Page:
A detailed updated description of the morphology of the larva of Reesa vespulae (Coleoptera: Dermestidae: Megatominae: Megatomini).
Larval morphological characteristics that distinguish Reesa from related genera Megatoma and Trogoderma were given by Peacock (1993) and by Beal (1967; 1991), and are mainly expressed by the length of setae of the tarsungulus (pretarsus), the number and morphology of the middle 4 setae of the labro-epipharyngeal margin, and the morphology of the acrotergites.
The current paper provides a detailed morphological description of the mature larva of R. vespulae. The aim of this paper is to update the notes for this species available in the references (see Table 1). The following set of larval characters are described and illustrated: morphology of antenna, epipharynx, mandibles, maxilla, ligula with labial palp, hastisetae, spicisetae, legs, abdominal terga, and condition of antecostal suture.
Materials and Methods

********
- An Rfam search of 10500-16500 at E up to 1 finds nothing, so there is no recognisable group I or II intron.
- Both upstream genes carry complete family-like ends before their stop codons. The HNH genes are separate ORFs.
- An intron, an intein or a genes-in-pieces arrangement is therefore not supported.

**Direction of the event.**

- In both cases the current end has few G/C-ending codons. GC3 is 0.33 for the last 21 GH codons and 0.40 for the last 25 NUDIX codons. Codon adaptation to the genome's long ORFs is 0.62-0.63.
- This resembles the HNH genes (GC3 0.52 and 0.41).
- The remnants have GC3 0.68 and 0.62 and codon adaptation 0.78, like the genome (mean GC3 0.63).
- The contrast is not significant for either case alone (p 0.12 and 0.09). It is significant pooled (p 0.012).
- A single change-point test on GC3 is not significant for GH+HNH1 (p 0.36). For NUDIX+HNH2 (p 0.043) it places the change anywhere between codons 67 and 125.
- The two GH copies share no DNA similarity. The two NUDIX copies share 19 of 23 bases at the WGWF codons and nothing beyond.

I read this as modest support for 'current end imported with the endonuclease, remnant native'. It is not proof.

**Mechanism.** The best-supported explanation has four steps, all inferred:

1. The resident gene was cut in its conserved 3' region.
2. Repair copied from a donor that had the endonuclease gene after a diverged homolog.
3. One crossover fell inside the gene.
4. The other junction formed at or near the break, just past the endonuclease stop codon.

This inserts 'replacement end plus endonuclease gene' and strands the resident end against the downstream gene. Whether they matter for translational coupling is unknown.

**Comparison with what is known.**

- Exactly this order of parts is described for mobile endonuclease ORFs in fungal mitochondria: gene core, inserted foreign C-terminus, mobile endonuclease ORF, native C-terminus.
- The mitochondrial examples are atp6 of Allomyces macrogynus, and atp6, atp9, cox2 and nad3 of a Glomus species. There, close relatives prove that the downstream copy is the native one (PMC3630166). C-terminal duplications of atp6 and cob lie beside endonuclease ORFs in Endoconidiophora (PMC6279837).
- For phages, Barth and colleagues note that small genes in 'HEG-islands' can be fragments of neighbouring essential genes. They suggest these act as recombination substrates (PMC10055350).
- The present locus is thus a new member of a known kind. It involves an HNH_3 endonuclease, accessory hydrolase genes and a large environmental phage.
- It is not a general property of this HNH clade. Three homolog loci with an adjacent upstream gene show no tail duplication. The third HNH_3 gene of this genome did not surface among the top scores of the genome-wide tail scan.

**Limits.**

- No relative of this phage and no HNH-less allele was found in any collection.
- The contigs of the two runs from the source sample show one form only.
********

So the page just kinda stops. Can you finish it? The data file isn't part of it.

For morphological examination, exuviae or larvae of the last instar were stored in ethanol. The material came from the collection of [dagger]Prof. Maciej Mroczkowski (Warszawa, Poland), Dr. Marek Bunalski (Poznan, Poland), and Dr. Dawid Marczak (Izabelin, Poland). Exuviae were boiled for 3 to 10 min in 10% KOH solution, rinsed with distilled water, and then placed in distilled water for approximately 1 h to clean and soften the material. All structures were mounted in glycerin on slides. The morphological structures were examined under a Nikon Eclipse E 600 phase contrast microscope with a drawing tube attached, and a Nikon SMZ-800 binocular microscope. Photos were taken with Canon 500D and Nikon Coolpix 4500 cameras under Nikon Eclipse 80i and Nikon SMZ-800 miscroscopes.
In addition to the description, plates with drawings of selected structures were prepared for the exuviae. The terminology used in this paper follows Kiselyova & McHugh (2006).